Hey all you Gleeks, Gleemons and Gleetards! I know your very favoritest show in the entire world is premiering next week ("Tomorrow/Tomorrow/I'll love 'ya, tomorrow/We're only a day awayyyyy!"), but in case you just can't wait (or read), I decided to plow through the prequel "novel" that was released in August. Just. For. You.
I know what you're thinking: Man, the only thing stupider than trying to adapt a musical television show to a novel would be adapting it to comic book form … Oh, wait. They did that, too. How 'bout them apples? ("Five red apples hung on a tree/The farmer didn't care/So guess who came to eat?/A CATERPILLAR … MUNCH, MUNCH!") Still, this book is vitally important for you to understand the background information for the season of the show you've already seen.
In case you've been living inside a box* or something, Rachel joins the Glee Club, even though everybody hates her because she's really annoying (glad that changes!). All the jocks and Gleevians don't talk to each other, and almost nothing happens by way of plot. Luckily, there are plenty of fleeting descriptions of characters and situations that will be recognizable enough to those who religiously watch the TV show (i.e. the only people buying this book) to keep stringing along their attention span until the end. ("This is the end/Beautiful friend/This is the end/My only friend, the end")
Filled with insightful thoughts (and thoughtful insights) like, "[Rachel] couldn't help thinking it was kind of sad when a principal couldn't get hardwood floors" (because in Ohio, hardwood floors are apparently the epitome of class and sophistication) and "[Quinn] used to love the flavor [of Juicy Fruit] so much, she wasn't able to chew it for long before she had to — she couldn't help it — swallow it. Puck was Juicy Fruit. She just wanted to devour him [like a preying mantis**]," this novel has everything you could hope for in a Gleequel.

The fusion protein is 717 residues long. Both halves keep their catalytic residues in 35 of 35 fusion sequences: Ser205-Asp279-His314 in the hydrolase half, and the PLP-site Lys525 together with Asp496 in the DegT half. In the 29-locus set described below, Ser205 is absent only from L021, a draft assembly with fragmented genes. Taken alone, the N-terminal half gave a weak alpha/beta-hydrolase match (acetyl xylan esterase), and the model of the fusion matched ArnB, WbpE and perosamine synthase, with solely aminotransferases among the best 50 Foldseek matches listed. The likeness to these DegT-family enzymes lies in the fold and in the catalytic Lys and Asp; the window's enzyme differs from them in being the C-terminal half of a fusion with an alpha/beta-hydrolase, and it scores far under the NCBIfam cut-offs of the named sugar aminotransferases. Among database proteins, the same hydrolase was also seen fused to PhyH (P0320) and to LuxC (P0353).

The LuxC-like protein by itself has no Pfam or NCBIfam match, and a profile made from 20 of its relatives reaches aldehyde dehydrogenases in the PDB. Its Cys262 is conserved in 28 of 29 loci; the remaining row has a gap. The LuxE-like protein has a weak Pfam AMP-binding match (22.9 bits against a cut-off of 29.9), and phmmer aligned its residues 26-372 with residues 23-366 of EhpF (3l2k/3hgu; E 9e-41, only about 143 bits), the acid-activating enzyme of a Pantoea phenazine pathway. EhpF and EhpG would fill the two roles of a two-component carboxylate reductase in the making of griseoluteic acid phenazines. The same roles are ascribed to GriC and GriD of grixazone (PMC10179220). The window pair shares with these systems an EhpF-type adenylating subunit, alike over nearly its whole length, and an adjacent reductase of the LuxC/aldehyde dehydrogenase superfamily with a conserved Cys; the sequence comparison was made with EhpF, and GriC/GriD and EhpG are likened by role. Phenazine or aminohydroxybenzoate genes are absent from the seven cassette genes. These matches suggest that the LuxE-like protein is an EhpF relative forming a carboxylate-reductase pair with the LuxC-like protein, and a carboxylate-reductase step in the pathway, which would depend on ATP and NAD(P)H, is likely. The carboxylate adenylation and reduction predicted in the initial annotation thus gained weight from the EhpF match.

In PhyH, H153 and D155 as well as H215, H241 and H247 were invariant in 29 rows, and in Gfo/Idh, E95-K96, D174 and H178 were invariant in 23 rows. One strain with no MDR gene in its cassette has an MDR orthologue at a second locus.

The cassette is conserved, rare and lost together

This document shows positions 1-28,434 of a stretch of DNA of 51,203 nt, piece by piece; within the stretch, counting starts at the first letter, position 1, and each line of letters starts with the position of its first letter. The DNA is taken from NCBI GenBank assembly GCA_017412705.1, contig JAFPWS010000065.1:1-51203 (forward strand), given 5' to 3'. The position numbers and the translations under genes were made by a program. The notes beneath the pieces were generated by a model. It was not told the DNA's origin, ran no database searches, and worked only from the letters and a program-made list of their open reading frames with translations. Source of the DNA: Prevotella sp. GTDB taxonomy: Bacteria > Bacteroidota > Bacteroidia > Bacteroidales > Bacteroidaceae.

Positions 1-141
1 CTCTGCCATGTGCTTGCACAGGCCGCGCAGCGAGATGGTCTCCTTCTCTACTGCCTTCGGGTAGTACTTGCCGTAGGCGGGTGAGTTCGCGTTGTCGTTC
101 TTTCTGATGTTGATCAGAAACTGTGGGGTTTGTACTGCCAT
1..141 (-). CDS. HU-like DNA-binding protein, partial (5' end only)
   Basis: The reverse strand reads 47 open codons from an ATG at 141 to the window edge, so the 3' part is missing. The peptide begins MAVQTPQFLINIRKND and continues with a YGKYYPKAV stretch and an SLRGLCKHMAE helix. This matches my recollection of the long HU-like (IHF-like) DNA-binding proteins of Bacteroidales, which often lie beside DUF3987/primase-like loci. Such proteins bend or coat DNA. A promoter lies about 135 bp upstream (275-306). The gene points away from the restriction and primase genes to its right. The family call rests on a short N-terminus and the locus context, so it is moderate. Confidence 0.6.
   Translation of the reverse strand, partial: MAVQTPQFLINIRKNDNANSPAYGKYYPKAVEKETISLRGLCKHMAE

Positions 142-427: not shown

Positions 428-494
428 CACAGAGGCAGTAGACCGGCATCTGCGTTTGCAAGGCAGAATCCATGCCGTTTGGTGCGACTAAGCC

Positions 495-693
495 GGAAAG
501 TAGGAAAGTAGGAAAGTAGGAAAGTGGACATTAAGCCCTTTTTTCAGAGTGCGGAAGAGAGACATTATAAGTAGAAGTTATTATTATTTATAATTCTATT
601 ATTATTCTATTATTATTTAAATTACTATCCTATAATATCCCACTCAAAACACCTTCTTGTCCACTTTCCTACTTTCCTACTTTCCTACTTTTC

Hey, you guys remember Christina Aguilera? ("I'm a genie in a bottle, baby/Gotta love me the right way, honey/I'm a genie in a bottle, baby/Come, come, come and let me out")***
This is a novel for our times, unafraid to tackle the rough issues: Poll taxes for blacks (the Cheerios try to charge Mercedes to vote for homecoming royalty), gendered stereotypes (Kurt desires "to be a greasy pepperoni on that piece" of pizza Finn's eating, which is obviously a reference to men being objectified as phallic objects) and the horrors of trying to live vicariously through children (Mr. Schue's fixation on/daydreams about his glory days in high school actually interferes with his job performance). ("Well I don't care about history/Rock, rock, rock'n'roll high school/'Cause that's not where I wanna be/Rock, rock, rock'n'roll high school")
And the emotion, Oh, the emotion. Like when Kurt invites Rachel to Glee Club, Mercedes is crushed. "She felt as if he'd slushied her pride." No one wants their pride slushied. No one.
If you can overlook the vaguely British placement of quotation marks (which offends me both as a copy editor and a patriotic American) and have an unhealthy obsession with this television show, then this is the book for you, you Gleeb!* This paragraph is intended to be read at the same speed those voice-over warnings are given in commercials for medication, or roughly four times the speed of sound in a gas of extremely low molecular weight (e.g. helium).